About Gabriel...

...diagnosed with manic depression when I was nineteen, for the next 14-years I lived without treatment or a recovery plan. I've been homeless, one time I graduated college, I've won awards for reporting on Internet privacy issues, and a weekly humour column. In 2002 I finally hit bottom and found help. It's now 2022, and I have an 8-year old son, and a 12-year old son... I’m usually about six feet tall, and I'm pretty sure I screwed up my book deal. I mostly blog at
This entry was posted in Bipolar, crazy people with no pants, Food Banks, Lithium, Living With Depression, Living With Manic Depression, Manic Depression, Memories, Ottawa, Poetry, Politics, Poverty, Punk, UmBiPMaD Stories. Bookmark the permalink.

13 Responses to UmBiPMaD Stories: Food Banks, Roaches & Potato Soup

  1. Lorelei Rome says:

    Nearly Free Food Advice:
    Many upscale bars offer free buffets every weeknight from 5-7 p.m. The bars in hotels with suites are particularly good. It’s a complicated business thing. They want to draw in white-collars as they leave work and offer the registered quests a place to woo clients.
    Dress in business attire. You can pick up a white oxford button-down shirt, dark slacks, and a pair of dark dress shoes (not tennis shoes) from a thrift store or garage sale. This is a classic business costume so it’s easy to find and doesn’t go out of style. The bars are dark so any small stains on the slacks won’t be noticed, but make sure the shirt is clean and doesn’t wrinkle. Tuck in your shirt and wear a belt.
    You must order some kind of drink. If you say you’re a designated-driver, you’ll get free soda or coffee. Tip the waitress anyway. She is your best ally. Don’t get drinks from the bartender. The waitresses are more sympathetic and even if they suspect, they won’t tattle as long as you tip them. One designated-driver free soda with a three-dollar tip will get you a belly full of shrimp, cold cuts, egg rolls, stuffed mushrooms, crab cakes, and other assorted finger foods.
    Bonus: Talk to the businessmen in the bar. I’ve gotten two great jobs this way.

  2. Gabriel... says:

    Strip clubs. I had a friend who would go to strip clubs for their ‘free’ buffet… there was a two drinks minimum. I think it would have been $15 for all the roast beef and salmon he could eat.
    Personally, for a treat, my roommate and I would go out to a Chinese Buffet for lunch ($6.50 per) and bring books. So we could eat away the afternoon while enjoying a little Elmore Leonard.
    Back ‘then-when’ I had a slight hair styling problem so getting into a business anything was next to impossible. I had this weird mohawk-shaved thing going on. But, yeah, there’re all kinds of things to do when there’s no cash lying around. The bunch of us would have twice-weekly suppers where everyone brought whatever they could. Goulash. I have about a zillion canned-tuna recipes. I don’t eat tuna much anymore… I find it’s really bland since they took out the dolphins.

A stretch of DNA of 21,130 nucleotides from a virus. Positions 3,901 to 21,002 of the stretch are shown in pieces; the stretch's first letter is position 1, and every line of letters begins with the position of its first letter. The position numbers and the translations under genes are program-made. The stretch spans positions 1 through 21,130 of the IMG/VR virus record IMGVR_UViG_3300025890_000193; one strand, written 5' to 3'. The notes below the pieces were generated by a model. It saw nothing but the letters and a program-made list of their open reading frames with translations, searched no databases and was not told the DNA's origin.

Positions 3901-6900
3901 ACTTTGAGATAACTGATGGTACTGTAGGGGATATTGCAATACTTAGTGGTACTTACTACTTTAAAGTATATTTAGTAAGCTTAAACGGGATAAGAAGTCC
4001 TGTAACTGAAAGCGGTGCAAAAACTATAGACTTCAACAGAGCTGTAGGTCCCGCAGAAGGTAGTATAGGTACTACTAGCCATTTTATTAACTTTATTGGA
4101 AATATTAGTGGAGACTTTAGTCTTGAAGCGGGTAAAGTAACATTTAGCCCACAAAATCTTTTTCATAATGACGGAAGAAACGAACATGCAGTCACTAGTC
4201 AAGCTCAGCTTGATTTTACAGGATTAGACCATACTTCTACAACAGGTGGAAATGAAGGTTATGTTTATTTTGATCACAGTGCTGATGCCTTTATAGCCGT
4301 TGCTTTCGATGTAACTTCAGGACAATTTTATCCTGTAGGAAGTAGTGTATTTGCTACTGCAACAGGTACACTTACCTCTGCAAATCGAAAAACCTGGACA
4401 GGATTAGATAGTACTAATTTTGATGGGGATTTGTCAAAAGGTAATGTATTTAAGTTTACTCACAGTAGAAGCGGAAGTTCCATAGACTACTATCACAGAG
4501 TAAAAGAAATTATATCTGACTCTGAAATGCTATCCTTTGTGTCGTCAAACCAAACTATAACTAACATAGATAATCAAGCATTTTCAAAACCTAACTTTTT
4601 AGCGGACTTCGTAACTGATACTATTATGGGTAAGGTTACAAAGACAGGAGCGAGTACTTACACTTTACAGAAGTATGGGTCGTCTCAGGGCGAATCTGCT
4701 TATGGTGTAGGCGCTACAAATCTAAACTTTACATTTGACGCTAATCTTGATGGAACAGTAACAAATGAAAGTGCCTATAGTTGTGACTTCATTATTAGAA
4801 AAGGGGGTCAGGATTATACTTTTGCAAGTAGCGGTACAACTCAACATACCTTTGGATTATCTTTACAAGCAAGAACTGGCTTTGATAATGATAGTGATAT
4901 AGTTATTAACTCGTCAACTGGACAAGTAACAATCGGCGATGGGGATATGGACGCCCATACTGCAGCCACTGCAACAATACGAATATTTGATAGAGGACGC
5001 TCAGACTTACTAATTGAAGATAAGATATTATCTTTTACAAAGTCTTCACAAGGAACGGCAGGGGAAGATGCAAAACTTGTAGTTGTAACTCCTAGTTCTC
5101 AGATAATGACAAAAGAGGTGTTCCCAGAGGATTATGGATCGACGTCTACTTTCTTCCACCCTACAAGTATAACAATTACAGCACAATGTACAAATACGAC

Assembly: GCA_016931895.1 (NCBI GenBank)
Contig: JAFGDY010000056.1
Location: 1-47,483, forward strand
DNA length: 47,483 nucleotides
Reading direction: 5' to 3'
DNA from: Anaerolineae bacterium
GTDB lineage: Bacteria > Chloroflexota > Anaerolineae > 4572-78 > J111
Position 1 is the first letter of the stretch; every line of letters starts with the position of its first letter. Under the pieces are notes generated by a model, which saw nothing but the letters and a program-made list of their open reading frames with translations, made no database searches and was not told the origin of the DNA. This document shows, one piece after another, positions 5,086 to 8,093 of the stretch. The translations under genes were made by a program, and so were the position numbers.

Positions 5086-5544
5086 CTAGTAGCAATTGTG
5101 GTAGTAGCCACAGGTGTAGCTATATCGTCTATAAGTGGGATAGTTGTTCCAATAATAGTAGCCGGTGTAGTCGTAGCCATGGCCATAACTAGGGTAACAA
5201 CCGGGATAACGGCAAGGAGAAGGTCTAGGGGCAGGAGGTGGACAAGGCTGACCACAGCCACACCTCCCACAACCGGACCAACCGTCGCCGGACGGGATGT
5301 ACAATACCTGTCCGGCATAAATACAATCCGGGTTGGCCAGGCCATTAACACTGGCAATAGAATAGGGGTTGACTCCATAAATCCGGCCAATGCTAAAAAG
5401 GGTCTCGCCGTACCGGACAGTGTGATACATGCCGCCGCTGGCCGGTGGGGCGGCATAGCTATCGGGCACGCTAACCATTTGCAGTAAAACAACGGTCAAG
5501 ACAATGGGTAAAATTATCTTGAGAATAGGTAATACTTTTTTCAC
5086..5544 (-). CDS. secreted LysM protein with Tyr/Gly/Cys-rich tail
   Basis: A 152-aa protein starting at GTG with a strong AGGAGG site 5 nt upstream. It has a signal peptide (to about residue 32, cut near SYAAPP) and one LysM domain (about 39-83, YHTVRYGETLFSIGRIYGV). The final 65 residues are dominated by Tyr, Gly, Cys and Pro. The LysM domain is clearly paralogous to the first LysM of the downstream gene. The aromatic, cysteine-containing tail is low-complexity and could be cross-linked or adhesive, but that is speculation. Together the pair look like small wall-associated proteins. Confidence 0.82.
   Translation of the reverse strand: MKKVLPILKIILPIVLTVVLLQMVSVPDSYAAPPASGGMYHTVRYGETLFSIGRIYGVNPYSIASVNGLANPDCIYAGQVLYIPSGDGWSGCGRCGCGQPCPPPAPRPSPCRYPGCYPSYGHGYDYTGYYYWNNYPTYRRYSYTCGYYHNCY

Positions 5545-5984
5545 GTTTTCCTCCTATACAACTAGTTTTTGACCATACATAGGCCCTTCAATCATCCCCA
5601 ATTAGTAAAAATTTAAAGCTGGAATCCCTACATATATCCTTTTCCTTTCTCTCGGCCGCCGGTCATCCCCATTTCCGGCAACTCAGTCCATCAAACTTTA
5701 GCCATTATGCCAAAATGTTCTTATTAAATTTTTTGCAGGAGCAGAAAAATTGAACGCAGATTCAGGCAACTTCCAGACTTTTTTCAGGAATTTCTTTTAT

3. Gabriel... says:

    Once you get into the Shelter System you’re pretty much fucked. Social assistance in Ontario will only give you your rent plus a set amount. So when I was living on Osgoode Ave. I was receiving close to $580/month but, a few rooming houses later, I was receiving about $250. The rent at the cheap place was subsidized and based on my income, such as it was, so my rent was only $94/month. Which was great, until it came time to put together first and last months rent for the next place.

    So once you get into a shelter your income from SA — if you can get one — is ridiculously small so getting out of the shelter and into a rooming house or apartment is virtually impossible without a whole lotta luck. There are some NGO agencies that can help, and a few governmental ones, but you gotta know where to go and most of those Shelter People do not know or are just too fucked up to find help. And, you’re right, you have to get into one first.

    The first time I remember understanding what a Food Bank was I think I was twenty. I held out for a year, maybe a few months, but the Shepherd’s Of Good Hope helped keep me alive for a few years after that.

    I just found out a little while ago that — after the divorce back in 1979 — mom used them a couple of times. It didn’t really surprise me… single mom, two large kids, new city, crap job, absolutely no support from ex-husband. After you start using them you realize pretty quickly that a lot more people use them than you thought…

  4. Also shelters? Depending upon where you live. And sometimes the waiting lines can be long so long you might not get in. They usually have a cut off.

    When I “lost everything” it never occurred to me to go to a food bank! I have no idea why…I just never thought of it. Instead I just ran up my credit and debt, debt, debt… It took me a long time to sort out all of the governmental forms of social assistance from the limited EI to “welfare” and even then it was so hard to obtain. Just for one thing they said my rent was too high so I countered, “What do you want me to do? Become homeless? You can’t claim it if you don’t have an address!”